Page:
sciencecenter:

Diamond weevil’s swag is a testament to natural selection

Like a gem-studded overcoat, the diamond weevil’s jet-black wings are covered by pits filled with sparkling, rainbow-colored scales.
Researchers have studied these “diamonds” since the weevil’s discovery in the early 19th century but, until recently, no one knew know how the scales reflected so much light.
A new high-tech investigation reveals the diamonds are just that: crystals of chitin in a diamond-type arrangement optimized to throw off brilliant greens, yellows and oranges. What most people call diamonds are made of carbon, but other materials can take on the same crystal structure, called “diamond cubic.”
“Materials scientists could look to these scales to inspire new materials, but we don’t yet know how they are made,” said biophysicist Bodo Wilts of the University of Groningen, co-author of a Dec. 21 study of the scales in Journal of the Royal Society Interface.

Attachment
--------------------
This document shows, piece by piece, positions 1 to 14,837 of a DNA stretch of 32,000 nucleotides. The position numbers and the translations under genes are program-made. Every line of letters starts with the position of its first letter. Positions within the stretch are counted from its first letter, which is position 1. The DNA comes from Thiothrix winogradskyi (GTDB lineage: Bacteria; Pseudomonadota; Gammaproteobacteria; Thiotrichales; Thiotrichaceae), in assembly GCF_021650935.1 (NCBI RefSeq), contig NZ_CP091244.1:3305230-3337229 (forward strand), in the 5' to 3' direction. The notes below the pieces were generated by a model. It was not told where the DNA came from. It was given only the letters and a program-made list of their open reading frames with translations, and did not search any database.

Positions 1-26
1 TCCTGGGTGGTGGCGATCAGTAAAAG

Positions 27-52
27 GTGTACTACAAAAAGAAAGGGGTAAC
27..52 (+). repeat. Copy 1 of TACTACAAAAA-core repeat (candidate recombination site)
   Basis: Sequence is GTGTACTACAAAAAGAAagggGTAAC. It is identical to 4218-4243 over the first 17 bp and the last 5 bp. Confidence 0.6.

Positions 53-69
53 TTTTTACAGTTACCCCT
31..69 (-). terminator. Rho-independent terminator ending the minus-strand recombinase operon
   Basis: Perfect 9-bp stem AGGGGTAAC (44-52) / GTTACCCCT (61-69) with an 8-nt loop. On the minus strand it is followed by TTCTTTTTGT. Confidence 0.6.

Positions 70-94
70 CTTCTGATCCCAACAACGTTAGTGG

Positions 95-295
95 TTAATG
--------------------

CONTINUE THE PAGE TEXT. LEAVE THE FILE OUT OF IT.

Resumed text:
“We’ve got some catching up to do,” Wilts said. “The nature-produced tiny structures are far beyond any human designs.”
Jan 6, 2012 / 185 notes

sciencecenter:

Diamond weevil’s swag is a testament to natural selection

Like a gem-studded overcoat, the diamond weevil’s jet-black wings are covered by pits filled with sparkling, rainbow-colored scales.

Researchers have studied these “diamonds” since the weevil’s discovery in the early 19th century but, until recently, no one knew know how the scales reflected so much light.

A new high-tech investigation reveals the diamonds are just that: crystals of chitin in a diamond-type arrangement optimized to throw off brilliant greens, yellows and oranges. What most people call diamonds are made of carbon, but other materials can take on the same crystal structure, called “diamond cubic.”

“Materials scientists could look to these scales to inspire new materials, but we don’t yet know how they are made,” said biophysicist Bodo Wilts of the University of Groningen, co-author of a Dec. 21 study of the scales in Journal of the Royal Society Interface.

“We’ve got some catching up to do,” Wilts said. “The nature-produced tiny structures are far beyond any human designs.”

Source: Wired

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